By Audrey Stallsmith
Consider the lilies of the field, how they grow; they toil not, neither do they spin: and yet I say unto you, that even Solomon in all his glory was not arrayed like one of these.
Although scholars believe the above Bible verse actually refers to anemones, it could apply to the even more regal glory of lilies as well. But, despite their stunning beauty--or perhaps because of it-the statuesque flowers have what can only be called an equivocal reputation.
On the one hand they symbolize chastity, virtue, and hope. On the other, they also stand for fertility, female sexuality, and death. All the legends seem to agree, however, that motherhood comes in there somewhere!
The lily, according to one tradition, sprang from Eve's tears when she learned that she was pregnant. In Greek and Roman mythology, it originated with the mother's milk of either Hera or Juno and was called rosa junonis ("Juno's rose"). What may be the oldest of the lilies, candidum ("dazzling white"), is also known as the Madonna Lily. Associated with the Virgin Mary, it supposedly turned from yellow to its more snowy hue at her touch.
Another white, lilium longiflorum, only became popular during the mid-1800's. Originating in Japan, it was originally propagated in Bermuda. So Victorians knew it as the Beautiful Bermuda Easter Lily.
But, as Tovah Martin points out in Once Upon a Windowsill, "The 19th century indoor gardener would scarcely entertain the notion of purchasing a fully grown Easter Lily completely budded and ready to burst into bloom. Victorians began their plants from scratch-from the basic bulb." Today most of our Easter lilies are grown on the Pacific coast near the California-Oregon border.
Brides still wear or carry lilies, though it is unclear whether this habit originated as a reference to the brides' purity or as a hope for their fertility! If you dream of lilies during their season (summer), you can expect marriage and prosperity yourself. But, dream of them at any other time, and you are promised only frustrated hopes and death! Some stories held that unfortunates wrongfully executed often had white lilies spring up on their graves to proclaim their innocence.
The lily is one of those flowers that people either love or hate. Although most admit its beauty, some cannot stand its frequently heavy odor.
In her book, The Fragrant Path, Louise Beebe Wilder complains there is something "languorous and decadent" about a lily's scent. "There is in all of them," she writes, "despite the sweetness something brooding and sultry that is enervating and vaguely unwholesome." She also expresses the opinion that "the most artificial of roses seems to me to have a sweet naturalness about it, the wildest of lilies to appear stiff and sophisticated."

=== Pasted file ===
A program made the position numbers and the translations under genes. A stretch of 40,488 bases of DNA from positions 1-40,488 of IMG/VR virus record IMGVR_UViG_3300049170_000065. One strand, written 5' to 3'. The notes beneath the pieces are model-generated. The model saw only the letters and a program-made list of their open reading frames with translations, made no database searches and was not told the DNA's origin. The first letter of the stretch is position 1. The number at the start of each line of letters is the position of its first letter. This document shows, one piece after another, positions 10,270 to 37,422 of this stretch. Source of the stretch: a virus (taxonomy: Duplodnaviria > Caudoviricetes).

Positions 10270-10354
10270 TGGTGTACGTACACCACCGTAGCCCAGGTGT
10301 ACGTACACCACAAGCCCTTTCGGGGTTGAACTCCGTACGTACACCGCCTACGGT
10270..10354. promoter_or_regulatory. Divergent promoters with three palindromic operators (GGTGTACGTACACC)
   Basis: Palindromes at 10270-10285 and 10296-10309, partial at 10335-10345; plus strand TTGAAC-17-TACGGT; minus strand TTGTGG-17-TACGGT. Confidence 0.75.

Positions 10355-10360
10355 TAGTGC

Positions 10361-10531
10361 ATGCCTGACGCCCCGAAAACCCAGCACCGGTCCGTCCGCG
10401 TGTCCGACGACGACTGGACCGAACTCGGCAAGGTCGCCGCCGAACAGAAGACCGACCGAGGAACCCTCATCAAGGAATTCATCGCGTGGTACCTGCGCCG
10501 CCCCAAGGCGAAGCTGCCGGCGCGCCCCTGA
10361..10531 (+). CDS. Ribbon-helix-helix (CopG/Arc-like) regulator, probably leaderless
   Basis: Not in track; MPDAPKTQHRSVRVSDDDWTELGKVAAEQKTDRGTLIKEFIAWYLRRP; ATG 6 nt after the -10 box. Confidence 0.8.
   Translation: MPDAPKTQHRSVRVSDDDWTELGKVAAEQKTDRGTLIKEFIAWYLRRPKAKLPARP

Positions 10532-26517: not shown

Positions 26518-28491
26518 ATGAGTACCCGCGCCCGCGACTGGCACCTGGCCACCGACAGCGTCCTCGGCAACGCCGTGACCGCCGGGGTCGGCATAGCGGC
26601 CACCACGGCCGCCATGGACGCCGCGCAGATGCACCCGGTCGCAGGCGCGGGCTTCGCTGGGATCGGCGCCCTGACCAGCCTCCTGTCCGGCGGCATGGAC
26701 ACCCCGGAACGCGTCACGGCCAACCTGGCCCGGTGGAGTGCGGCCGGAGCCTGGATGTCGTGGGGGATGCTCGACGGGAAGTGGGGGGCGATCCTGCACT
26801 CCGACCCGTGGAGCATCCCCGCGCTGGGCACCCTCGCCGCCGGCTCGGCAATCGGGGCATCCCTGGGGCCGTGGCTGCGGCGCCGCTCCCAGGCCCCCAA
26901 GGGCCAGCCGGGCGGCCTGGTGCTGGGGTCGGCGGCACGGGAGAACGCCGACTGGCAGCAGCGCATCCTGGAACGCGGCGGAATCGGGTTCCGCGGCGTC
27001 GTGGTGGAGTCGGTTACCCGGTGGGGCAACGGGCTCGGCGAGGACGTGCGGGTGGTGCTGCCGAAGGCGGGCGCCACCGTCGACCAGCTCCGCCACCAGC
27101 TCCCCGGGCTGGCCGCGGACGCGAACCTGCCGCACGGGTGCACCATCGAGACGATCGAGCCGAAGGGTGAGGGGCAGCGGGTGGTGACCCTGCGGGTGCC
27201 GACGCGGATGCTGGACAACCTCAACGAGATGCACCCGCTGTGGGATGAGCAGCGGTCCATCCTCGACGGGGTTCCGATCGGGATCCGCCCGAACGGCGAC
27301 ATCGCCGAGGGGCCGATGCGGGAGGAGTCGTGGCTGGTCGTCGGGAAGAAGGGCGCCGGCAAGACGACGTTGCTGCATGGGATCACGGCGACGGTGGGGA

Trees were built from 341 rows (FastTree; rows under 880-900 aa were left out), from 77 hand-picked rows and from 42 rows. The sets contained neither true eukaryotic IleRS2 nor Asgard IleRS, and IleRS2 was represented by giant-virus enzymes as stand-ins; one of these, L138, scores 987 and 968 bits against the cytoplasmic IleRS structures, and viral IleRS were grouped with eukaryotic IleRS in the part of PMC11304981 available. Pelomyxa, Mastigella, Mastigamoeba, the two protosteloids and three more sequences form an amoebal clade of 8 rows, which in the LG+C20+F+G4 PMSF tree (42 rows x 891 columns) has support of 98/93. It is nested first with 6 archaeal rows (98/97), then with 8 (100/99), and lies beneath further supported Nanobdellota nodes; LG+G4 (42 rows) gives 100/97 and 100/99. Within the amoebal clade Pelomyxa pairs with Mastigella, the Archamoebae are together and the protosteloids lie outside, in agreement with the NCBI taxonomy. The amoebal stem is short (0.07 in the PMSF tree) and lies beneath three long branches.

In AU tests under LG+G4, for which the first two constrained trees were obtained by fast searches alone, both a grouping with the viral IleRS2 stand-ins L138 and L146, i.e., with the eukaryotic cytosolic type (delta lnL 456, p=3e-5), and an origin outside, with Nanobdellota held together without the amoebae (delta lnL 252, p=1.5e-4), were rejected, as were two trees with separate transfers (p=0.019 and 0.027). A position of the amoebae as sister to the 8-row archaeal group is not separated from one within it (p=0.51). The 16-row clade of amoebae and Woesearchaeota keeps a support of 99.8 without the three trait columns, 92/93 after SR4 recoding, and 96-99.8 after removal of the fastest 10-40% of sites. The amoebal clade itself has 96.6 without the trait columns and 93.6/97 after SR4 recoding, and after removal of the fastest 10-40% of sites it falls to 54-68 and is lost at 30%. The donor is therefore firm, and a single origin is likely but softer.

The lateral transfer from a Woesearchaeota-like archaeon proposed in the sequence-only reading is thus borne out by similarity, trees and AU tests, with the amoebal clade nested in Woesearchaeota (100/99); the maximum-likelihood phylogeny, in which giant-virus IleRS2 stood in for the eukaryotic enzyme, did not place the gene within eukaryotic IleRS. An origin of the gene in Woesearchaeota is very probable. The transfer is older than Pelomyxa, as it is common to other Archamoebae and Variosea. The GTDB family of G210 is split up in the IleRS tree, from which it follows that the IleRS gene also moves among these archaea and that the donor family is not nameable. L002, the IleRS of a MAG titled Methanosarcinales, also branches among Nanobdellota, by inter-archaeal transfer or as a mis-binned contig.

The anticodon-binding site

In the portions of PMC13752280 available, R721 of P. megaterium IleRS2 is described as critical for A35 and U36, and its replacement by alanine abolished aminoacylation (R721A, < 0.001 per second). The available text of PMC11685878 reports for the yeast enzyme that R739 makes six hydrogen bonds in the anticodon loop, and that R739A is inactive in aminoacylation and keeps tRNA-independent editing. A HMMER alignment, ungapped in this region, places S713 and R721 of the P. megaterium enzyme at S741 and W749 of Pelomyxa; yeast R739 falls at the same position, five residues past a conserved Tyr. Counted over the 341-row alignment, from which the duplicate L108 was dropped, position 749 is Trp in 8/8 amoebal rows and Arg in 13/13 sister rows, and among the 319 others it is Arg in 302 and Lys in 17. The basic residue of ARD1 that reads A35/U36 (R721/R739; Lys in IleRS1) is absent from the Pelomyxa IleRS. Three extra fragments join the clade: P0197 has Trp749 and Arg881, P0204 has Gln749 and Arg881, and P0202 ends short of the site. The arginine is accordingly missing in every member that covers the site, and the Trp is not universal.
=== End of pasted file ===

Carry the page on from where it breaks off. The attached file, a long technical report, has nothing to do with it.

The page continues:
While I agree that some modern types are so large and luscious as to appear almost unreal, I adore lilies anyway-especially the Orientals. About the only thing I dislike about the flowers is their fragility.
The petals crack easily. And, if its stalk is accidentally broken off before it blooms, a bulbous lily is done for the year. It won't return until the following season. The pollen can also stain hands, clothes, and the lily petals themselves. But, still, some of us can't resist this flower's flashy, though brittle, good looks.
If you don't like the scent, you might want to try Asiatic lilies instead, since they have less of it. The Asiatics sport more open, upward-facing petals while, on the Orientals, the petals curl back from an often striped and freckled center. The Martagons are the smallest and most dangly of the clan--with the most tightly curled petals. Trumpet lilies look like their name, and a recent innovation in the lily world has been the crossing of them with the Orientals. The children of this marriage are known as Orienpets.
Daylilies would probably win the title of "most grown" and "most easy" of their family. They stand for "coquetry" in the Language of Flowers, probably due to the tantalizing briefness of their bloom. Orange tiger lilies also proclaim their hardiness by crowding our country roadsides in July. White lilies like candidum represent "purity" or "modesty," while yellow ones stand for "falsehood."
Lily bulbs were once ground and mixed with honey to make a soothing salve for burns or a cream to smooth wrinkles. A Persian lily oil known as sunsinion was a must-have cosmetic for ancient beauties. Many cultures have also eaten lily bulbs.
Spanish folklore held that the consuming of lily petals could restore humans who had been cursed to take the shape of beasts. Our white Easter lily certainly represents the sweet triumph of God's love over man's beastliness. That love, we are told, can also restore us to what we were meant to be.
Lilium alba image is from Herbarium Blackwellianum, courtesy of the Missouri Botanical Garden.